Breastfeeding MPs Commons
A woman breastfeeds her daughter during a 'Free to Feed', pro-breastfeeding protest outside Claridge's hotel in central London NIKLAS HALLE'N/AFP/Getty Images

Female MPs in the House of Commons could soon be allowed to breastfeed their babies during debates. An independent review has recommended a series of measures to make the parliament a "role-model parent friendly institution". John Bercow, speaker of the Commons, has welcomed the recommendations following the review of sexism in the Commons, signalling the steps could be taken on board.

The speaker hailed the lifting of the existing ban on breastfeeding and said, "[The report] will prove to be both important and enduring. We do tend to preserve by laziness, rather antiquated practices and prejudice. We won't achieve everything in this paper overnight but by bringing people together we will achieve worthwhile things," according to the Telegraph.

Breastfeeding in the chamber was prohibited by then Speaker Betty Boothroyd in 2000 and the ban was continued by her successor Michael Martin as well. The ban has faced occasional criticism from MPs, who argue that the rule is against mothers.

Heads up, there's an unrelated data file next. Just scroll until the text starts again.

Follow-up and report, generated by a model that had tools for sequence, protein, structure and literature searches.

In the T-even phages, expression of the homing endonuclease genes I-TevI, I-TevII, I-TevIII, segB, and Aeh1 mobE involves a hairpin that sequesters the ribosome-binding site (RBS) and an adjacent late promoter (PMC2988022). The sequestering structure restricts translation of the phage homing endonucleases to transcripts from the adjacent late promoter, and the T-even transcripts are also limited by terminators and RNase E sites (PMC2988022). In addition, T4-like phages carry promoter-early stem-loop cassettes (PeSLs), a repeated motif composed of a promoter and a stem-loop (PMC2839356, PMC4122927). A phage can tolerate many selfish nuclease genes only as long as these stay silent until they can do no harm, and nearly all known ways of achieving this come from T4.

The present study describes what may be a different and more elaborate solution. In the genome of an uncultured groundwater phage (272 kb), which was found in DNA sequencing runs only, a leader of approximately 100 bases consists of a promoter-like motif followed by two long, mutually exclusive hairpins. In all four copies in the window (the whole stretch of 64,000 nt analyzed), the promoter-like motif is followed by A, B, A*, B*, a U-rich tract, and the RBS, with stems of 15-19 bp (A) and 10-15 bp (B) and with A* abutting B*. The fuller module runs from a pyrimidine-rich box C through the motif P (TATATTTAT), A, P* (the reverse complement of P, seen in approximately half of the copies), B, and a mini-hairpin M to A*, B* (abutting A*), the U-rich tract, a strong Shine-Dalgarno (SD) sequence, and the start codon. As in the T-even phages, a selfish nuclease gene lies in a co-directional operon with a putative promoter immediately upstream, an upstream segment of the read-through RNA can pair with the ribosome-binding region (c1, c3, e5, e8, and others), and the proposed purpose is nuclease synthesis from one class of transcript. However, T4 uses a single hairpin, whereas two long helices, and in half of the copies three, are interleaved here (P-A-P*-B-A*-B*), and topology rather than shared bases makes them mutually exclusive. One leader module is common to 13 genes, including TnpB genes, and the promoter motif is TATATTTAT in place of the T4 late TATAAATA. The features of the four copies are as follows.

The report was produced by an advisory panel comprising of cross-party MPs and chaired by Bercow – who is now likely to look into implementing the recommendations.

Sarah Childs, author of the report and a professor of gender and politics at Bristol University, has admitted that repealing the breastfeeding ban could become a contentious issue. However, Childs expressed hope that the proposal would find support from all parties.

Several other suggestions have been made in the report, such as male MPs should not be forced to wear a suit and tie. Instead, they should be allowed to wear the traditional "national costume" so as to mirror Britain's "multicultural traditions". In addition to this, the review recommends setting up transgender lavatories in the Commons as a step to address "gender insensitivity".